Dante leaps from the car and flies around to open my door in two seconds flat.  He’s anxious for me to see his home and I think that’s sweet.   And honestly, I’m sort of anxious to see it too.  I want to learn more about Dante and I have a feeling this is where I will learn it.

It sounds stupid to say, but I can feel him here.  In everything around me, I feel Dante. And while I know it sounds stupid to say, it’s the truth.

We walk up to the house and the white stone steps are wide. The porch wraps around most of the front of the house, which is unusual for this type of home.  There is wicker furniture here with white silk cushions and large antique looking rugs.  The front doors are huge and heavy and mahogany, also unusual for this type of home.  It’s clear that this home was personally designed by someone and it has an eclectic, unique feel.

Dante pushes the front doors open, bows slightly and gives an “After you” motion with his arm.

I step ahead and pause inside, looking around.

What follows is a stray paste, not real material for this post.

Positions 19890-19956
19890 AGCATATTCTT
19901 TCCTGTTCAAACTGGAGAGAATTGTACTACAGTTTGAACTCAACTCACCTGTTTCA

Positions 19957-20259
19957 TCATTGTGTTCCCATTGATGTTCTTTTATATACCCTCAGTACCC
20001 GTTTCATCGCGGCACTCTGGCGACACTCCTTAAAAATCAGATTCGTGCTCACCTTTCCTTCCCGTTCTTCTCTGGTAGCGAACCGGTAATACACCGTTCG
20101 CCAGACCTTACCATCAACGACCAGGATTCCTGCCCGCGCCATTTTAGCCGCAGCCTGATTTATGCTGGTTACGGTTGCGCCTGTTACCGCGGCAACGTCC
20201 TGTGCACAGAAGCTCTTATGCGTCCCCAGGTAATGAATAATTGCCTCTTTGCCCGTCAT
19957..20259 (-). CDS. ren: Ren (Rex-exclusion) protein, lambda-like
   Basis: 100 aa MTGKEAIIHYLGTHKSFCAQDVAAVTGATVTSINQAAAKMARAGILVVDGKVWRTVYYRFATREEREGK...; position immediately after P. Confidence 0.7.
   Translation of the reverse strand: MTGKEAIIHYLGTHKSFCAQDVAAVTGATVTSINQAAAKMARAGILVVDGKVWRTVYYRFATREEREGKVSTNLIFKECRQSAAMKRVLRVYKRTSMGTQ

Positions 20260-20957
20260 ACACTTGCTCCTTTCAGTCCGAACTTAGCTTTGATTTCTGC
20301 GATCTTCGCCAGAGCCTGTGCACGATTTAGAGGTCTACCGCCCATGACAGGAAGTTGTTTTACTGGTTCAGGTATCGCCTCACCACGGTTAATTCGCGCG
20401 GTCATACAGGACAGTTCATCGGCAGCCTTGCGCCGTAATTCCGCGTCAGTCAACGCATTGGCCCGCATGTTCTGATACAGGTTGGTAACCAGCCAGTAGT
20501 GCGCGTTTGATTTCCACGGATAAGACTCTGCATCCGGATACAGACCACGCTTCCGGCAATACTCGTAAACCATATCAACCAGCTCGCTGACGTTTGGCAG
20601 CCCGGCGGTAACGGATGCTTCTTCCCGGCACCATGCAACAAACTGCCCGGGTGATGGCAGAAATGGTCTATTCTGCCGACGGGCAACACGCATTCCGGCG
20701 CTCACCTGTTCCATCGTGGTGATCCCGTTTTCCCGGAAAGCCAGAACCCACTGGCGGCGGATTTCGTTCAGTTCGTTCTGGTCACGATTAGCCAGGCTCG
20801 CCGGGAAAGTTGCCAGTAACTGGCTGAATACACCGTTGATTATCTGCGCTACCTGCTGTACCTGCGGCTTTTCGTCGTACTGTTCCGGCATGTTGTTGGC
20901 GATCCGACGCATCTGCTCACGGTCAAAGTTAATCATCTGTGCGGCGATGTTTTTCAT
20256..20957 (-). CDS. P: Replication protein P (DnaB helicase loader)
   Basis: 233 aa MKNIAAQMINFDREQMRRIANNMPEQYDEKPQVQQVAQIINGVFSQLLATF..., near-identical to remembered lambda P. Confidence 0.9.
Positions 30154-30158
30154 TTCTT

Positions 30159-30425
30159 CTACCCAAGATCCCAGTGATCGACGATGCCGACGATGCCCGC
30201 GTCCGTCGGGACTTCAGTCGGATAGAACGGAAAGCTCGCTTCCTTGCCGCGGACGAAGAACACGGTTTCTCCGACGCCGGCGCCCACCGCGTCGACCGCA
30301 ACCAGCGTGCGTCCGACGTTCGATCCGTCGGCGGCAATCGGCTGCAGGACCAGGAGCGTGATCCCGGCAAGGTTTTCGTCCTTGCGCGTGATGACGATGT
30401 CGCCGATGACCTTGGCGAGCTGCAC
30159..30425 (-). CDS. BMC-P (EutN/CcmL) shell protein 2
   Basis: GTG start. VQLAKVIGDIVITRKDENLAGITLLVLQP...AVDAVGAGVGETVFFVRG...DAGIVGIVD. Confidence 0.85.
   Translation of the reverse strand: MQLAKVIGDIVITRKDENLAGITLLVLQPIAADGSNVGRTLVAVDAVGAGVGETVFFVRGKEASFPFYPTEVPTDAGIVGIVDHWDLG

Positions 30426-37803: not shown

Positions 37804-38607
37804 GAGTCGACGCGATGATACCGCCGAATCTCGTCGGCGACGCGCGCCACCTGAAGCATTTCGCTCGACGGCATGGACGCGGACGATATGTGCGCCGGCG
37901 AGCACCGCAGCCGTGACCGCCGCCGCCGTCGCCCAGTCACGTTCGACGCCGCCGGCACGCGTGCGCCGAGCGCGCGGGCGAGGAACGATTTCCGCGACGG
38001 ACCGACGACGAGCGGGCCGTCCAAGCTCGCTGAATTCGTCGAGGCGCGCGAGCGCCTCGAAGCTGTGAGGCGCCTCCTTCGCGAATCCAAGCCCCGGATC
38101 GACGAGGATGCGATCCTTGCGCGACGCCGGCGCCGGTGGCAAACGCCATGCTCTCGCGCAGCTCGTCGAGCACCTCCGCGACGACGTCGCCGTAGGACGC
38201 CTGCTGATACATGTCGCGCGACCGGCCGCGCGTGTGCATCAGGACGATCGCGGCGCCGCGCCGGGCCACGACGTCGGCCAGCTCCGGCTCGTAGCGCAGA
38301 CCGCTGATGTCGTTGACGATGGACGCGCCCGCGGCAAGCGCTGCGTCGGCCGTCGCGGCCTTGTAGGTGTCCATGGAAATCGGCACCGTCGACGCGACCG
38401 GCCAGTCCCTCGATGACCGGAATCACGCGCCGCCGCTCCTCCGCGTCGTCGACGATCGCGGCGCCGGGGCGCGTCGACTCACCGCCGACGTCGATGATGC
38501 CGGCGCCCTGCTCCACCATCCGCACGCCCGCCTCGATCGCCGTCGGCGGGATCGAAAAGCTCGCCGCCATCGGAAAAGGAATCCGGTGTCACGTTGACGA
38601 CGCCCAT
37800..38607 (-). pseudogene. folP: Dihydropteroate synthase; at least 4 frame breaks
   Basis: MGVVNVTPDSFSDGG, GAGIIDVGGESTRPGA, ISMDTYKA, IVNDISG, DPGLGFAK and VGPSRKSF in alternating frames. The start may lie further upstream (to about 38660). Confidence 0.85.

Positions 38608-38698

And I stare, practically wonderstruck.

It’s beautiful here.  Warmth and sunlight swirl around and it feels like I’m wrapped in a cozy, peaceful blanket.  The feeling around me is serene and soft, like I’ve stepped into a beautiful painting or an enchanted place.  I feel instantly at home, instantly at peace.

“Welcome to Giliberti House,” Dante says with a proud grin. “This is the foyer.  The wood on the banister there,” and he points to a huge staircase spilling into the foyer, “Is made from six hundred year old trees.  The marble that you are stepping on right now was brought in by hand hundreds of years ago by Gilibertis.  Gilibertis built this house and there has been a Giliberti in it ever since.”

The pride in his voice makes me feel warm all over.  It’s so refreshing.  I want to reach over and brush the hair out of his eyes, but I don’t.

A tiny elderly woman with gray hair walks in and Dante greets her with a hug and a kiss on each cheek.

“Marionette,” he grins.  “It’s been too long, mami.”  He turns to me. “Marionette is French.  She moved to Caberra long ago to marry her young groom.  And they are still happily married today.  Her husband, Darius, is the foreman here.  He’s worked for us for a very long time.”